My reason for writing has always been driven by a love of words, of books, and of reading, but it wasn’t until I had my daughter that I really fell in love with writing again. I have always known the importance of words and the weight they carry but to me, they carry even more weight because I know someday my daughter may read the words I have written. Words are powerful and inspirational and they can change your life, but they can never be taken back once they’re out there. I write to share my experiences, I write to connect with people, I write to let people know that they’re not alone in their struggles and that they can  get through whatever it is they’re facing. I write because it helps me make sense of what’s going on in my head and it helps me feel at peace with whatever choices I’ve had to make. Ultimately, writing is a type of therapy, an out and something I am passionate about and hope to pass onto my daughter one day.

Virtues from Motherhood: Thank you Mom

A decade ago I was 17, rebellious and determined to do everything my parents (really my mom) did not want me doing. I was hell bent on being everything that pushed their buttons and made their hair grey. A decade later I’m at dinner with my mom and some of our co-workers. Our co-workers remember me before I was a polished office manager and adult, they remember the days my mom was running out of work to come find me or clean up whatever mess I was making that week. They remember a time where my mom was crying because I was running my life into the ground, and not because I was making her laugh at the dinner table.

I spent most of my adolescence running from her and from everything she was (and is I suppose) but the older I get the more I realize we carry many of the same traits. Nothing makes this more apparent to me then the way our co-workers compare us. Before my mom took her current job, her and I were both office managers. We both ran offices and attended the same meetings and met the same deadlines. Though we never worked together the people who work with us have seen both of us in action. So when someone says “you’re just like your mom” I used to cringe, but now I smile because her traits have enabled me to excel to the levels I have now. Her leadership has been embedded in me since I was a child, but as a teenager I was running wild with it, rather than building a future for myself.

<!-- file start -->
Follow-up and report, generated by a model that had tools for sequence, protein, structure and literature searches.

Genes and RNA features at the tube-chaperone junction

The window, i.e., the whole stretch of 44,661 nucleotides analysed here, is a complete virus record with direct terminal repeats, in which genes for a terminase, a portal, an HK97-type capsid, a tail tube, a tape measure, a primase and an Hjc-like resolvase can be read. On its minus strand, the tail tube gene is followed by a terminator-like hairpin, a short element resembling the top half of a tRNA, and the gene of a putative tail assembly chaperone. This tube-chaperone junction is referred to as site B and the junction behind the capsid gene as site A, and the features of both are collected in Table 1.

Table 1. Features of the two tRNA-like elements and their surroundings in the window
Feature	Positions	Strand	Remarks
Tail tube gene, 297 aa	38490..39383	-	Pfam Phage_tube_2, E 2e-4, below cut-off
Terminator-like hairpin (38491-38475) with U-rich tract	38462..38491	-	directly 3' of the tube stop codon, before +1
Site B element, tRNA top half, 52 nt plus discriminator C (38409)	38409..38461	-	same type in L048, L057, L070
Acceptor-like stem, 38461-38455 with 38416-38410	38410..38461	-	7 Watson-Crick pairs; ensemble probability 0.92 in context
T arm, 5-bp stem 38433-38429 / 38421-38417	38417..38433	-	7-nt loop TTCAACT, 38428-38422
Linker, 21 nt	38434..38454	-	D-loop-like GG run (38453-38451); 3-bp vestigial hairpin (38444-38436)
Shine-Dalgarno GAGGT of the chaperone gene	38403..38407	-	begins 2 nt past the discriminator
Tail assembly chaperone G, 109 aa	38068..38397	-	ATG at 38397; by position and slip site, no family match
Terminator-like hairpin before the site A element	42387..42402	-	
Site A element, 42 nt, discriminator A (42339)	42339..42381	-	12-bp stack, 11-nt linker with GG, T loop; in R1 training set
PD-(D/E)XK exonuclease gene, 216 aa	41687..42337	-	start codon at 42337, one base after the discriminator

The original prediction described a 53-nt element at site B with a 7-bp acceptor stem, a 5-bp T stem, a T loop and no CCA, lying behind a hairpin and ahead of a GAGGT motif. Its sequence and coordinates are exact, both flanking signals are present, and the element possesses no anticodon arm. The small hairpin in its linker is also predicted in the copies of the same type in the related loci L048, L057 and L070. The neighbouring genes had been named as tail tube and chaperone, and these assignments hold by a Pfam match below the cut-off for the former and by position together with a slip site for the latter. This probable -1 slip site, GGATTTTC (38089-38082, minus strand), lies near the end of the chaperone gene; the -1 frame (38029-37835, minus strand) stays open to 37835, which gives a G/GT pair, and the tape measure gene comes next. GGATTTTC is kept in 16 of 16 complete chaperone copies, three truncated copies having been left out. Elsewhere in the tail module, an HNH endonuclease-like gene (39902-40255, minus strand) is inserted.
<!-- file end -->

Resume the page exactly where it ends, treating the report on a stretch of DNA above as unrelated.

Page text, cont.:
Why am I taking this trip down memory lane? Well two reasons, not everyone has their mother, not everyone has that unconditional love and support of the woman who raised them. Some people have lost their mother both physically and/or emotionally, and I can’t imagine how much that sucks. I also can’t imagine where I would be had my mother not fought so hard to keep me on the right path, and no matter how hard I fought to stray from it, she followed me deep into whatever forest I wanted to explore. The other reason being, I’m glad that i have finally reached a place with my mom where we can go to dinner, where I can talk to her and have conversations and that she is finally proud of me as a person and as a mother.

As you read through this blog post, remember that every mother shows love differently and sadly sometimes not every mom has it in them to be there, but mine does, and I’m thankful. If you have your mom, whether it be upstairs from you or states away, be grateful. And if you don’t have your mom, I am truly sorry, but remember as the child it is not your job, nor is it your responsibility to make her a parent. Remember that no matter where the path may lead you that she does love you, but she might have to do it from afar because she doesn’t know how to express it to you, and that the universe will put people that love you in many other ways in your life, you will never be alone.